The FA-VA4 Vector Antenna Analyzer (LF-100MHz)





For some time I had been considering the purchase of the MFJ259 antenna analyzer but after a little online sleuthing, came across this little beauty, the FA-VA4 Antenna Analyzer by Funk Amateur in Germany and available through their Box73 website here.





I liked the fact that the cost of the analyzer was about half that of anything else comparable ($140 US including shipping) and that it covered the new 2200 / 630m bands!

I think many amateurs planning on building a system for either of these new bands will find the very affordable FA-VA4 a handy piece of equipment when it comes to working on their LF / MF antenna since most available SWR meters do not cover these frequencies accurately.

Delivery time was fast and everything was very well packaged. The FA-VA4 comes in partial kit form and requires only a short amount of time to put together.


The necessary assembly consists of soldering pin strip connectors, switches, AA cell holders, and the BNC connector. All of the tricky SMD components have been pre-mounted ... total assembly time was less than 60 minutes and everything fired-up nicely, without problems, thanks to the well written instruction / user manual.


Included with the kit are three BNC connectors needed to calibrate the instrument for the highest accuracy. These consist of a 'Shorted' connector, an 'Open' connector and a 50 ohm 'Load' connector (SOL). A simple three-part calibration procedure for all frequencies takes about 15 minute to complete, while the instrument calibrates itself as it scans through all frequency ranges with each connector plugged into the output. Once this task is completed, the analyzer is ready for use.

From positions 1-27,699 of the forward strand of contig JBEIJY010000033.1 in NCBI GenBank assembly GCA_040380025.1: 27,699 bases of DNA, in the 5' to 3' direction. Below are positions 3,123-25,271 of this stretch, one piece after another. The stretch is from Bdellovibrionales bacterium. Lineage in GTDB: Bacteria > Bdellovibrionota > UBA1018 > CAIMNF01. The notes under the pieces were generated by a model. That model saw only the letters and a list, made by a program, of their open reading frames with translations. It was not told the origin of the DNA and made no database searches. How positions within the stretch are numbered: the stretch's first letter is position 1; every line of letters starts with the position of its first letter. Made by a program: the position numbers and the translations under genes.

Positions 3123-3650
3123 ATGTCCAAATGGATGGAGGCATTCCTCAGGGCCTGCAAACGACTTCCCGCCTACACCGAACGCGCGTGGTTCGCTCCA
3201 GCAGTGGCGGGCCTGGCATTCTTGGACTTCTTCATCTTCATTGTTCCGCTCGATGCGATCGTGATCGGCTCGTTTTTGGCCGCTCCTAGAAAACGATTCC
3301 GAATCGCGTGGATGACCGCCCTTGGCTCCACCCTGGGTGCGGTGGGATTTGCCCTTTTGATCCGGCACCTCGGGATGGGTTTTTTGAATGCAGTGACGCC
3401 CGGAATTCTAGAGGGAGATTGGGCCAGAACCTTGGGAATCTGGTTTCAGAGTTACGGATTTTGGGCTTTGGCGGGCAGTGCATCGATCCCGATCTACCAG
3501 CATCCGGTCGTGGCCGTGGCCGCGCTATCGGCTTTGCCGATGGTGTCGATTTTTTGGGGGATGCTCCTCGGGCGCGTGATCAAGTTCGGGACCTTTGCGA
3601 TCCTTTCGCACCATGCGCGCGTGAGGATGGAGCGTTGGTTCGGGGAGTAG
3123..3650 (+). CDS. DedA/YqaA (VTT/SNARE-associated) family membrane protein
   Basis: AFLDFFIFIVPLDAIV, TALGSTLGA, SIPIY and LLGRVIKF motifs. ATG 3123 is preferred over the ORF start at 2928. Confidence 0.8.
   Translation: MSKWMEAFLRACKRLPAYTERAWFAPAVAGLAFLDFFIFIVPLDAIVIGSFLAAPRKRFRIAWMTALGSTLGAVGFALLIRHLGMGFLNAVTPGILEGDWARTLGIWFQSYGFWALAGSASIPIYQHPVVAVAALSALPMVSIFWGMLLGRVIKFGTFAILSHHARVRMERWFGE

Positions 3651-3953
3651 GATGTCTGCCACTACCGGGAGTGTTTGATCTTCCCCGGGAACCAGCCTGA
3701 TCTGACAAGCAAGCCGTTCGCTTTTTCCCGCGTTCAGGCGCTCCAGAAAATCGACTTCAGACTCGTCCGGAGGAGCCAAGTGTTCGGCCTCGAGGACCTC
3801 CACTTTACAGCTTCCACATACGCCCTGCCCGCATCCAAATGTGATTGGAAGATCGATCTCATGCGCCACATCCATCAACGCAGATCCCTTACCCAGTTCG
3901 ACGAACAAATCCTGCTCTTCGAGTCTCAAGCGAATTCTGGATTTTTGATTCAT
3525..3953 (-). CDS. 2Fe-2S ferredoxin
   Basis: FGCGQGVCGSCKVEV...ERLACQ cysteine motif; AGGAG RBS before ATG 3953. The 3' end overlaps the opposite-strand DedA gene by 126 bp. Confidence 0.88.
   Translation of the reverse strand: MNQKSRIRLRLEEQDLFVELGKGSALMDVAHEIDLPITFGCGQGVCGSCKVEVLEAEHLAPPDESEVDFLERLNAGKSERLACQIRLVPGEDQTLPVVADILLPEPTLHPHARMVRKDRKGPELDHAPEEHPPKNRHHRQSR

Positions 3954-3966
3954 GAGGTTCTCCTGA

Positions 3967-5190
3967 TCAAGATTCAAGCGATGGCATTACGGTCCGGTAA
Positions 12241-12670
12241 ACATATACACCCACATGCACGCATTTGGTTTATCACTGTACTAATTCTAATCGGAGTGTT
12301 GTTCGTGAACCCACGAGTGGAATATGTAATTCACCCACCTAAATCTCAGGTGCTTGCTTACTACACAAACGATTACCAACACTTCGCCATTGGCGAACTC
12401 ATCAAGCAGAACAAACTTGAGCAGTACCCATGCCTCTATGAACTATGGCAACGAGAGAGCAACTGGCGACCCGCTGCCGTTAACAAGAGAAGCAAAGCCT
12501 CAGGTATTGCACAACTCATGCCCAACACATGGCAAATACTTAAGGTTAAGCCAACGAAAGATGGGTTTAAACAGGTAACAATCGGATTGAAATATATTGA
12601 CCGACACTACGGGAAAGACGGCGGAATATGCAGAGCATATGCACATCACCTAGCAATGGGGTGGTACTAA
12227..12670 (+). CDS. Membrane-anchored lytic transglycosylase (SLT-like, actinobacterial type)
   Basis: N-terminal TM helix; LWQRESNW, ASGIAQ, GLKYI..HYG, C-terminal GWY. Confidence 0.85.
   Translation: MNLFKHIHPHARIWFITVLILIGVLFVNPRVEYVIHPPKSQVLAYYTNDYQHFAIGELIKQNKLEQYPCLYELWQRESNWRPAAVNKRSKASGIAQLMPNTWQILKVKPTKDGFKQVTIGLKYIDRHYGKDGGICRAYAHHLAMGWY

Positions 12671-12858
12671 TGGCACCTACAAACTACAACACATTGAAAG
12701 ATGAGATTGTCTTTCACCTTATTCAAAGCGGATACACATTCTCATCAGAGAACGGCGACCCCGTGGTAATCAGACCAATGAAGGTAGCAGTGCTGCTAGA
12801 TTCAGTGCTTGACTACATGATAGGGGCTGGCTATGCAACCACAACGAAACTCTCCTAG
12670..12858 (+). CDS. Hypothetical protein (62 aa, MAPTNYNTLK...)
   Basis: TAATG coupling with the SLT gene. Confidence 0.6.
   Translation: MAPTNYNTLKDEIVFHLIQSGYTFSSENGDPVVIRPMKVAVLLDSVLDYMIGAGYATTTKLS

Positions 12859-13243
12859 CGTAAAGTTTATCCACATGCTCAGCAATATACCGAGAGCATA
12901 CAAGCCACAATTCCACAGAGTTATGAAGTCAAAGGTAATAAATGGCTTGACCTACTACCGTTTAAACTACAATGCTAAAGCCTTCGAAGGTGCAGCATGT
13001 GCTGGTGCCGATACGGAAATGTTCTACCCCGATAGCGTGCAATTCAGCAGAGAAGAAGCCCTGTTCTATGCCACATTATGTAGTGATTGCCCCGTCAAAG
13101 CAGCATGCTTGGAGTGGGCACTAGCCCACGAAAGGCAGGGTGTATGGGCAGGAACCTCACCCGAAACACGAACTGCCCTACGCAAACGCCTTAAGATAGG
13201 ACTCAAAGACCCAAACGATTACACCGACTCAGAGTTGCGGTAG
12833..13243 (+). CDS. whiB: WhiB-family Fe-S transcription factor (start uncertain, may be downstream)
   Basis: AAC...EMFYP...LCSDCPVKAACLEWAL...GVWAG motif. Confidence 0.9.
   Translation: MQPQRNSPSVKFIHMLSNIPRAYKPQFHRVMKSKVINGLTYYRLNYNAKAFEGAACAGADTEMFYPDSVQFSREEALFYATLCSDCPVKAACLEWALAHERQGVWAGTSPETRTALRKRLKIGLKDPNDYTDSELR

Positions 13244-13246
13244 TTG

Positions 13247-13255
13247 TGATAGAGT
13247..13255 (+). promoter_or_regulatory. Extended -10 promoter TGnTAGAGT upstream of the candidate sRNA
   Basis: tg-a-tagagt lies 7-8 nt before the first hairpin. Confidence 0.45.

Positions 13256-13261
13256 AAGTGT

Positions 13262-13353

If you're like me, I think the main use will be to check out and tweak some of your HF antennas using the SWR or Z sweep function. This allows you to set a desired 'center' frequency along with a + / - sweep range and have the display draw a nice plot of your system.

Had my 630m antenna not already been tuned and matched, I would have found the analyzer to be a great help but, thanks to my 'scopematch', that antenna has already been optimised.

All menu features and data entry is via three momentary-contact push switches. Although this might initially seem awkward, it is not, and operation is pretty intuitive.

The main modes of operation are:

Single Frequency SWR  Measurement

courtesy: http://www.box73.com/product/5

Single Frequency Impedance Measurement

courtesy: http://www.box73.com/product/5

Single SWR Measurement Run

courtesy: http://www.box73.com/product/5

Single Run For Impedance Measurement (Resistance and Reactance)

courtesy: http://www.box73.com/product/5

SWR Measurement On Five Frequencies (5 Band Measurement)

courtesy: http://www.box73.com/product/5

As well, all of the above can be viewed in a continuous 'cycle' mode, as inputs are changed and all screens can be saved for future reference.

Additional capabilities include use in an HF Signal Generator Mode (~ 1V square wave @50 ohms), the ability to measure C and L at a given frequency, as a 'dip meter' and to measure cable resonances and determine lengths.

The complete manual may also be downloaded from their website here.